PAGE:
WHEN Ashley Shew turned up for an appointment at a medical centre in spring 2020, a member of staff told her she could remove her mask because only people with pre-existing conditions were vulnerable to COVID-19. Shew was surprised. “A hard-of-hearing amputee battered by chemotherapy and more”, as she describes herself, she is a regular at the centre — the appointment that day concerned her prosthetic leg. Who, she wondered, did the staff member think counted as a person with pre-existing conditions…?
This article first appeared in Nature on 16 February 2022. To continue reading, click here.
ISAAC Newton apocryphally discovered his second law – the one about gravity – after an apple fell on his head. Much experimentation and data analysis later, he realised there was a fundamental relationship between force, mass and acceleration. He formulated a theory to describe that relationship – one that could be expressed as an equation, F=ma – and used it to predict the behaviour of objects other than apples. His predictions turned out to be right (if not always precise enough for those who came later)…
This article first appeared in The Observer on 9 January 2022. To continue reading, click here.
IN 1945, while in a state of exhaustion, the mathematician John von Neumann had a kind of stammering premonition. He was in Los Alamos, working on the atom bomb, and he told his wife Klari that the “energy source” he was helping to develop would make scientists “the most hated and also the most wanted citizens of any country”. Then he informed her that his other ongoing project, the computer, would one day be even more important—and potentially even more dangerous…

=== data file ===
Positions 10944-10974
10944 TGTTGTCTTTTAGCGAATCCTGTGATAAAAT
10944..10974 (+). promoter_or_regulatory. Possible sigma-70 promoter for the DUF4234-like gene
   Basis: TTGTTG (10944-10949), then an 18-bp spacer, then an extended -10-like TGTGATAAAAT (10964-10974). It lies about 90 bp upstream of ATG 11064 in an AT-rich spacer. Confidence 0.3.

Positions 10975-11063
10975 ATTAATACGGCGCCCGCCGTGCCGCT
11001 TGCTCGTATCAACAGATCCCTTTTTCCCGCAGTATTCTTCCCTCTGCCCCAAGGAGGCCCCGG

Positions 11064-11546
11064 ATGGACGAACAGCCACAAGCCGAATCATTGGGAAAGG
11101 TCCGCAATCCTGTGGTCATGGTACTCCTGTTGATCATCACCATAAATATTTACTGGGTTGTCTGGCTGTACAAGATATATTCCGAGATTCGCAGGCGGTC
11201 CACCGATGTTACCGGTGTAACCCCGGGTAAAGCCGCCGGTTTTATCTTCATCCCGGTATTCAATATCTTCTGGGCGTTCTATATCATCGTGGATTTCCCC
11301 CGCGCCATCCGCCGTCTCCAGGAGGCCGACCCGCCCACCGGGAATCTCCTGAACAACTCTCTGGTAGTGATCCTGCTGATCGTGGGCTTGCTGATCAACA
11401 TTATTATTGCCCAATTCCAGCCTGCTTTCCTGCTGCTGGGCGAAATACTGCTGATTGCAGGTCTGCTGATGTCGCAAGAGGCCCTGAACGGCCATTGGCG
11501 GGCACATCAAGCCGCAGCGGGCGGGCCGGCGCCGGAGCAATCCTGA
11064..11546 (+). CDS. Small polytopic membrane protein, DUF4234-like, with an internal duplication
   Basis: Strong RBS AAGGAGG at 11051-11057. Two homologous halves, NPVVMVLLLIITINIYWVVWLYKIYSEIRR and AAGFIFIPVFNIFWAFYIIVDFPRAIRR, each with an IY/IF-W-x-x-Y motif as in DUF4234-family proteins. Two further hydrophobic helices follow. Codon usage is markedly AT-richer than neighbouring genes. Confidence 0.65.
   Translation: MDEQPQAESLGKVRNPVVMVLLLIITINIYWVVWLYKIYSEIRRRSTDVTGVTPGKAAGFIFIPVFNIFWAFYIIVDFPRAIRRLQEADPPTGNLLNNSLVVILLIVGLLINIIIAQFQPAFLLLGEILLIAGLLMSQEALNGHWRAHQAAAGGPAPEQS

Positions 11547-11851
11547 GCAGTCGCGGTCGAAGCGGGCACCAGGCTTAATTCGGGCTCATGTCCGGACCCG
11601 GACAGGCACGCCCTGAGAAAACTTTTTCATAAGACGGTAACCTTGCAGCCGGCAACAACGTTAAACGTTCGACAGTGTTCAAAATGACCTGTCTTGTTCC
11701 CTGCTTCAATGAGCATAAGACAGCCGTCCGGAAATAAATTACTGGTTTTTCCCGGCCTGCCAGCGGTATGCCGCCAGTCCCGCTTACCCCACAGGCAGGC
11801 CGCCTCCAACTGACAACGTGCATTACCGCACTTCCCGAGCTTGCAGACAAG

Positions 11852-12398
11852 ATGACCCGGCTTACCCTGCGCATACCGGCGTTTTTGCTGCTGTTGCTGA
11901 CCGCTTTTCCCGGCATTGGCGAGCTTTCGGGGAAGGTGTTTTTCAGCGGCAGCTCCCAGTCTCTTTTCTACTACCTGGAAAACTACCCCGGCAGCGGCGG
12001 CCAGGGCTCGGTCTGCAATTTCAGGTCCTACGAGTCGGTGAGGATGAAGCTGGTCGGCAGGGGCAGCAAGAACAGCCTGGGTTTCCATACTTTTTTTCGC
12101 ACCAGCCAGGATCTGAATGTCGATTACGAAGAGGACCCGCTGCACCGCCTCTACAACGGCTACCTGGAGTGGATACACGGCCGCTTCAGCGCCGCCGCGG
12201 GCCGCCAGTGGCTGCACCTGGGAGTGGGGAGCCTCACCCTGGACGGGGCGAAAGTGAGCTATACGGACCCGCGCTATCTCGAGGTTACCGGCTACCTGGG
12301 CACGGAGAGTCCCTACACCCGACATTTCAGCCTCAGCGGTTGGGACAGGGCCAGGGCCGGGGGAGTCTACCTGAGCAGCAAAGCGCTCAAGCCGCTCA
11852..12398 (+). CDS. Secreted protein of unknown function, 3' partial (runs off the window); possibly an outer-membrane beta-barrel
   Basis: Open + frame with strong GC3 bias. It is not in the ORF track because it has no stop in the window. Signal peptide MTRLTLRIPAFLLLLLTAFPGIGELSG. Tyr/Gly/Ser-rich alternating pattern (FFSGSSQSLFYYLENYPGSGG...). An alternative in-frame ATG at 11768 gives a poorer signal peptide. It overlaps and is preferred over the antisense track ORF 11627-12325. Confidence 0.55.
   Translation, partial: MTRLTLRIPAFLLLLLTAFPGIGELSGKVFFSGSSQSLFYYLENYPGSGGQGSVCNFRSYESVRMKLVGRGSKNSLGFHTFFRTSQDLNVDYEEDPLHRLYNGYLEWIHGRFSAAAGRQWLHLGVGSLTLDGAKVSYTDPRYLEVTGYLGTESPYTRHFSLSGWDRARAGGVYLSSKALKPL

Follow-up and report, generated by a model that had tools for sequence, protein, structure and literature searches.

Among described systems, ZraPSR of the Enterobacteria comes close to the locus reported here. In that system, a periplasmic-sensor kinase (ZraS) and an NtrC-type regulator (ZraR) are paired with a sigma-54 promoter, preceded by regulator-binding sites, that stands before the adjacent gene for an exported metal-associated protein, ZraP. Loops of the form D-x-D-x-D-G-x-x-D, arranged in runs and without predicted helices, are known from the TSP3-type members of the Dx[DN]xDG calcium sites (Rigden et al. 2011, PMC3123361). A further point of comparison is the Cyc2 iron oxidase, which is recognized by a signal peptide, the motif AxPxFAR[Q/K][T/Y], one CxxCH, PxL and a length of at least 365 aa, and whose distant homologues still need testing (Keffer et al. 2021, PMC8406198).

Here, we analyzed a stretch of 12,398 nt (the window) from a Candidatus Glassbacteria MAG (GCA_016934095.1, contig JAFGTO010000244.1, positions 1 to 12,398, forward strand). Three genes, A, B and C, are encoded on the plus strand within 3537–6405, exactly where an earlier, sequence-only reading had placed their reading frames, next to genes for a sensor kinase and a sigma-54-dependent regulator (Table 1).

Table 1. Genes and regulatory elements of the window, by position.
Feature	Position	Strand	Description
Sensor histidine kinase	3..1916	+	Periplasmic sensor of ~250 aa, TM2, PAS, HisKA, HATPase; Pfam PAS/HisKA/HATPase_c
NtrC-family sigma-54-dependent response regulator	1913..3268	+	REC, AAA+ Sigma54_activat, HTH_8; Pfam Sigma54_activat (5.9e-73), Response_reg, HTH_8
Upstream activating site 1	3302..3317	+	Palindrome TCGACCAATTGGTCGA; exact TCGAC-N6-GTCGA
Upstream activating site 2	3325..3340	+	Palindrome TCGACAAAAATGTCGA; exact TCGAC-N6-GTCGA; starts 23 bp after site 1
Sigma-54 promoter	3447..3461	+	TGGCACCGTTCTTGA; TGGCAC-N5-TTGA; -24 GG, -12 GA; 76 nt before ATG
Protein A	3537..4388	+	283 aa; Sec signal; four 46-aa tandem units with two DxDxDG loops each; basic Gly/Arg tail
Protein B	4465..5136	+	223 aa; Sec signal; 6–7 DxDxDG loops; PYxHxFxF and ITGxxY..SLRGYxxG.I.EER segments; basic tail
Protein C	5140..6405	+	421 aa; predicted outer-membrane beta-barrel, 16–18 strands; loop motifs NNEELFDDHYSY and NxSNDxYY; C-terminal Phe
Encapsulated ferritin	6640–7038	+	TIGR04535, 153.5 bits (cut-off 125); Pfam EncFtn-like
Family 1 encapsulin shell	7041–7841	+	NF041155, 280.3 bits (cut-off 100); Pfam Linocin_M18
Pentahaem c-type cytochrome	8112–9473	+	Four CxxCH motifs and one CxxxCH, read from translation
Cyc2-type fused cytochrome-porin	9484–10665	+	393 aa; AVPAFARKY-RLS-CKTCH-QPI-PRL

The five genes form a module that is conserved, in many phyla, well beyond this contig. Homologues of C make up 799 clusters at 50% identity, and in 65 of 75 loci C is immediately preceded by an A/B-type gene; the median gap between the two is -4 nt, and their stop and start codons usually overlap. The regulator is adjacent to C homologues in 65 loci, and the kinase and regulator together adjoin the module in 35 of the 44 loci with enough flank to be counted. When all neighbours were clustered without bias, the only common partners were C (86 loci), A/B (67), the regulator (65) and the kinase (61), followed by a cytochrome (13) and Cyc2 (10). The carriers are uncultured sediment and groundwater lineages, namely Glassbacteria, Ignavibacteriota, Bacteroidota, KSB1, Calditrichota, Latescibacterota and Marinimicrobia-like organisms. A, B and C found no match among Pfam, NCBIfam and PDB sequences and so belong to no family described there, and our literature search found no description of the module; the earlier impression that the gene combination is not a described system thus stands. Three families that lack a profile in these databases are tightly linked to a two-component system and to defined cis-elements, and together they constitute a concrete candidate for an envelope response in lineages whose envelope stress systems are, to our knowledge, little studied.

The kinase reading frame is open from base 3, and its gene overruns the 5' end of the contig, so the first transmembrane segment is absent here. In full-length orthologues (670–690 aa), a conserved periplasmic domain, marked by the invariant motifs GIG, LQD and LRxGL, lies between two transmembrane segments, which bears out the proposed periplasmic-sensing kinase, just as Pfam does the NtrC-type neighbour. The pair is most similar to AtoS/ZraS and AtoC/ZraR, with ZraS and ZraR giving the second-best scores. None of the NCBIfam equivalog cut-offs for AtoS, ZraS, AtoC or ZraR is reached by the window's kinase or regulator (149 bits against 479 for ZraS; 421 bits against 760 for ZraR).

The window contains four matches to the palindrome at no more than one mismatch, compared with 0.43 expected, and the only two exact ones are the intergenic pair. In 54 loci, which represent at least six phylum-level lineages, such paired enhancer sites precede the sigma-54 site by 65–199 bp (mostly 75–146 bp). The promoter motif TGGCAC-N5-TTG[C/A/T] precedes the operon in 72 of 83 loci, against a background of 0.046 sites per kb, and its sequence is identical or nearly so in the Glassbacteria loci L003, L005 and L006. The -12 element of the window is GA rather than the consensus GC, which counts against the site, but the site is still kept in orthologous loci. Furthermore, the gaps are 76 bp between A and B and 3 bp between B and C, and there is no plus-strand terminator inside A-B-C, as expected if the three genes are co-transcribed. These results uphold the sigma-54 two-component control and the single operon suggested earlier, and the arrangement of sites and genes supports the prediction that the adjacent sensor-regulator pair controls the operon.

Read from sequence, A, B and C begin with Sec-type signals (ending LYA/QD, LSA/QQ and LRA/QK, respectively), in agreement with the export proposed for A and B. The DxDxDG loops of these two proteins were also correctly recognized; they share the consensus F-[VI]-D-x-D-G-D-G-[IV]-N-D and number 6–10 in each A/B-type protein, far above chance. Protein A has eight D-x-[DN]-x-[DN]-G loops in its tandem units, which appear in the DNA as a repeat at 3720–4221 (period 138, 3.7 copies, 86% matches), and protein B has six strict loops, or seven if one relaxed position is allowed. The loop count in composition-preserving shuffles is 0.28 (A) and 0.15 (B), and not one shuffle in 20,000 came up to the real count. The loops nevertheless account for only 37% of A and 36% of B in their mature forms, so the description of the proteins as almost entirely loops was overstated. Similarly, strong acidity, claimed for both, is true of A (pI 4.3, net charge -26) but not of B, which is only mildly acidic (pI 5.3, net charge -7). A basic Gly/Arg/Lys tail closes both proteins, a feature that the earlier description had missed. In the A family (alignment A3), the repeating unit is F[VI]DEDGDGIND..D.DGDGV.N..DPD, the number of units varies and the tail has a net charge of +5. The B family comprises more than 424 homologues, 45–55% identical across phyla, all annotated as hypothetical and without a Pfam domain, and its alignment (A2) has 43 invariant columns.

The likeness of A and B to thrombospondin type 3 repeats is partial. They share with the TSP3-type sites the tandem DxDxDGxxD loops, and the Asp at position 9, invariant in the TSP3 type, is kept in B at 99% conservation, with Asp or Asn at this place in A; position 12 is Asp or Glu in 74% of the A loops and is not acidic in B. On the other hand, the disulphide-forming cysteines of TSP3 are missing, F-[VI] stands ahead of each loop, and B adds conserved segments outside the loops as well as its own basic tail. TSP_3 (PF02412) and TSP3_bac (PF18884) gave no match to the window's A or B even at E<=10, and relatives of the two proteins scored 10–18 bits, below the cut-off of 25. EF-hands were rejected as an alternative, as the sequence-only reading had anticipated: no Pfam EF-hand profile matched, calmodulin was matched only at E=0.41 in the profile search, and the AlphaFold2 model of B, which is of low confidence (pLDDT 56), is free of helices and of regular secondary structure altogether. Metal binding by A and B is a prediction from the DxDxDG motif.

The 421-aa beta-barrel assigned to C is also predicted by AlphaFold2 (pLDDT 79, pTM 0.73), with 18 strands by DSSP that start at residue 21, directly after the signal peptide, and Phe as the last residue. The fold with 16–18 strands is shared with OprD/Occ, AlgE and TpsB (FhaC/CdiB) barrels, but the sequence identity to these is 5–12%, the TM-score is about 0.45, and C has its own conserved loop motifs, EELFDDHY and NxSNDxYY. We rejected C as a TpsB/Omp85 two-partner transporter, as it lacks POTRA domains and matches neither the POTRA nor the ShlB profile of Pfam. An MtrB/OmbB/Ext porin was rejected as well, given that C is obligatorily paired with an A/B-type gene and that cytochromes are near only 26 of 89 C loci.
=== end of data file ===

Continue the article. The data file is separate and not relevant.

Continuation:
This article first appeared in The Economist on 6 October 2021. To continue reading, click here (paywall).
IS there one pandemic, or two? That was a question being asked a year ago, when wealthy countries accounting for only 15% of the global population had 80% of the Covid deaths. Could it be that the rich world was more vulnerable, somehow, because its populations were older, or more individualistic, or had forgotten to be scared of infectious disease…?
This article first appeared in The Guardian on 27 April 2021. To continue reading, click here.
LAST week, 15 volunteers descended into a cave in south west France, where they will remain for 40 days and 40 nights, without sunlight or watches, in an experiment designed to probe the dislocation in time that has characterised life with Covid…
This article first appeared in The Telegraph on 23 March 2021. To continue reading, click here.